Not that I’m thinking about trying it, but is cannibalism unhealthy?

- Asks Amanda from Philadelphia

January 21, 2008
Cannibalism in Brazil in 1557, as described by Hans Staden and painted by Os Filhos de Pindorama.
Cannibalism in Brazil in 1557, as described by Hans Staden and painted by Os Filhos de Pindorama.

“A census taker once tried to test me. I ate his liver with some fava beans and a nice Chi-an-ti.” My skin crawls as I hear these infamous words escape the slithering tongue of Dr. Hannibal Lecter the fictional cannibalistic serial killer from the movie “Silence of the Lambs” as he details his gruesome man-eating impulses. The vision of Lecter satiating himself on others of his kind makes me wonder how healthy that would be.

Cannibalism, the act of a species eating a member of its own kind, is believed to go as far back as prehistoric times in humans, and to have occurred all over the globe at one point or another. The Korowai tribe, which resides on the isolated island of Fiji southeastern Papua, is among the few tribes believed to still consume human flesh. So why is cannibalism not a more common practice, only occurring amid ancient or remote cultures, in times of desperation and starvation, or in our grisly fantasies? Other than the social stigma of cannibalism and, you know, the murder part, there is another important reason why consuming human flesh is not a universal practice: it can be deadly.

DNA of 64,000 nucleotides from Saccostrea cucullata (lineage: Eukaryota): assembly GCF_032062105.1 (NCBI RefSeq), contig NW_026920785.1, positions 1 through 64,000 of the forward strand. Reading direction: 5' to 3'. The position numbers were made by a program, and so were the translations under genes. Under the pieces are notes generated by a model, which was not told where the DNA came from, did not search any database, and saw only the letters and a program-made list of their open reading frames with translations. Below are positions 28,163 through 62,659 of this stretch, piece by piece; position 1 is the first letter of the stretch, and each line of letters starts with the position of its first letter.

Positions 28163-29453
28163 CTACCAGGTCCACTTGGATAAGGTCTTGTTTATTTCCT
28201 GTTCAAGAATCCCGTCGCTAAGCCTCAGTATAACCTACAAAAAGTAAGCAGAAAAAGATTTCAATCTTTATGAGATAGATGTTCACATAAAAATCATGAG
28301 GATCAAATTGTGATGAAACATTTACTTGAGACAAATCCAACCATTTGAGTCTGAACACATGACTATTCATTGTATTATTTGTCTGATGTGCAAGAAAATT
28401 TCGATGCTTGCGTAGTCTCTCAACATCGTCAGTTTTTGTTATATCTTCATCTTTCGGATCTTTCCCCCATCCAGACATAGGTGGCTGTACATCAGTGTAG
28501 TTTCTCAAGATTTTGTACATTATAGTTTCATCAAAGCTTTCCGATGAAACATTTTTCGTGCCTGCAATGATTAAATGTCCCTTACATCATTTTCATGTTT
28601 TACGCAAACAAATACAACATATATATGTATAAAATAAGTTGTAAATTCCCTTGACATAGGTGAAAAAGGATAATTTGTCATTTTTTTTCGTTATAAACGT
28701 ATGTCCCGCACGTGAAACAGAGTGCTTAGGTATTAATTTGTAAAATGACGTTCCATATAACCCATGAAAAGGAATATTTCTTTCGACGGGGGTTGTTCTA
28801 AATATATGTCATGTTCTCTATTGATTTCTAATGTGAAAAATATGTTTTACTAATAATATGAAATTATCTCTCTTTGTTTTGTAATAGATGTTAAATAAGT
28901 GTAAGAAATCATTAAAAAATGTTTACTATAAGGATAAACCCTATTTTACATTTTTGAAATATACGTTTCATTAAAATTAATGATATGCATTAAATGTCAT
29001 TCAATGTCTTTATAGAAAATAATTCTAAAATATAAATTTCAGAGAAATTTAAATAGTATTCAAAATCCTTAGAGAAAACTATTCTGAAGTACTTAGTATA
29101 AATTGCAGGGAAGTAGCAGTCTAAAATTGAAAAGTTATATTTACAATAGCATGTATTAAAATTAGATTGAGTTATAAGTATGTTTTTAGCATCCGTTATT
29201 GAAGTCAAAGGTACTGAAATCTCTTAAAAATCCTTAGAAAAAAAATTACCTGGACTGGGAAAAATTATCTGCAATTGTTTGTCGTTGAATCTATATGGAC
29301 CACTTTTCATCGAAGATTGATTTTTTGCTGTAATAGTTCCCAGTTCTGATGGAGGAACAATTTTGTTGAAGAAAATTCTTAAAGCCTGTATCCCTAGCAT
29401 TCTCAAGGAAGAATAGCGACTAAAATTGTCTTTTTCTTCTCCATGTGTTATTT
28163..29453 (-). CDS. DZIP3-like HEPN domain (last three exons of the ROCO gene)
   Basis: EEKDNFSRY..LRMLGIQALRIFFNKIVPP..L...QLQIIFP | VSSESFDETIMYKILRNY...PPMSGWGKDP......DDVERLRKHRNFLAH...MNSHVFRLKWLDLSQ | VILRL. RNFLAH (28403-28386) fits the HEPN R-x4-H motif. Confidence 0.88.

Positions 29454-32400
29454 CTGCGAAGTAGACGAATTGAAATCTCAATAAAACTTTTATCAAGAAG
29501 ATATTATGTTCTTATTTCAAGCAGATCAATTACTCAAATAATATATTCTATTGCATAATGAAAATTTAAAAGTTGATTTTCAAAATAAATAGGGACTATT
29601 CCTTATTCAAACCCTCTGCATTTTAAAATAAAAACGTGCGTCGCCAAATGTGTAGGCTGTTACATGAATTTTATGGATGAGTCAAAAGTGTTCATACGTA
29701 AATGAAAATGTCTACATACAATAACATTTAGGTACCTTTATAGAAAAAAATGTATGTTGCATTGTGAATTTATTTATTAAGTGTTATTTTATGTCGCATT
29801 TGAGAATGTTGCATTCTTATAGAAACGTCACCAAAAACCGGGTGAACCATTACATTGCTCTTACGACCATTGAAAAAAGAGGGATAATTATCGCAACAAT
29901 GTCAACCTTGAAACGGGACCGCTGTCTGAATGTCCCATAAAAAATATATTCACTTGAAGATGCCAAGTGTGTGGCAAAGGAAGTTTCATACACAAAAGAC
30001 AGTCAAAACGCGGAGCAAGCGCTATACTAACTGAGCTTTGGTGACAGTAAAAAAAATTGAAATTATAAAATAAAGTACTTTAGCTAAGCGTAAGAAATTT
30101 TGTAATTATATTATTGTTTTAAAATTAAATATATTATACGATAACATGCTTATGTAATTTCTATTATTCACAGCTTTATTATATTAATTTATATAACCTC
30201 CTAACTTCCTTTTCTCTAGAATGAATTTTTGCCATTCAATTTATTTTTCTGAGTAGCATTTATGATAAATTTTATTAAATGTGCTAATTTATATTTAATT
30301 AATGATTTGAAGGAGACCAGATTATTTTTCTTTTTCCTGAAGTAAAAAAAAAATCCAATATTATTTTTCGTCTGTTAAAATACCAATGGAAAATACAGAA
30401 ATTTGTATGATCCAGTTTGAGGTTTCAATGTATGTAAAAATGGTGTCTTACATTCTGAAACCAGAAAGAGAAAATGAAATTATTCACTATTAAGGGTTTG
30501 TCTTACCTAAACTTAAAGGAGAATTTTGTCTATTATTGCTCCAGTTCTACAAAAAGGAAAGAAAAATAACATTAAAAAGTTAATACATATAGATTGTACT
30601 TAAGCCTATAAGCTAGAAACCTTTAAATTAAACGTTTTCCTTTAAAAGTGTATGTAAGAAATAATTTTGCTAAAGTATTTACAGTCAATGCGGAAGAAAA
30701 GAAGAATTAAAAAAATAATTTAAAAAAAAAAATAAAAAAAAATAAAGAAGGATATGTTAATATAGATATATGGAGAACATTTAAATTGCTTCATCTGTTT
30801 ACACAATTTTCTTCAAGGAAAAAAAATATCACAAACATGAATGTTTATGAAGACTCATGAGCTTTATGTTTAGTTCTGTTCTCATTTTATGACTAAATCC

Prion diseases, a group of uncommon and deadly brain diseases, can be spread by eating the contaminated flesh of humans or other animals. The human brain is more contaminated with prions than other body parts, though bone marrow, the spinal cord and the small intestine also contain these fatal brain-eating malformations. Prion diseases occur when the prion protein misfolds, causing a cascade of misfolding prion proteins that clump in the brain and damage or destroy nerve cells, creating sponge-like holes. Current examples include kuru and Creutzfeld-Jacob disease in humans, and mad cow disease in animals, both of which cause brain deterioration, loss of motor control and ultimately death.

In the early 20th century, a kuru epidemic devastated the Fore, a tribe of cannibals in the eastern highlands of Papua New Guinea. The kuru epidemic was linked to a Fore ritual of feasting on the brains of the dead. In the mid-1950s, Australian authorities banned these feasts. After this, the incidence of kuru declined, and no new cases have cropped up in people born since the ban.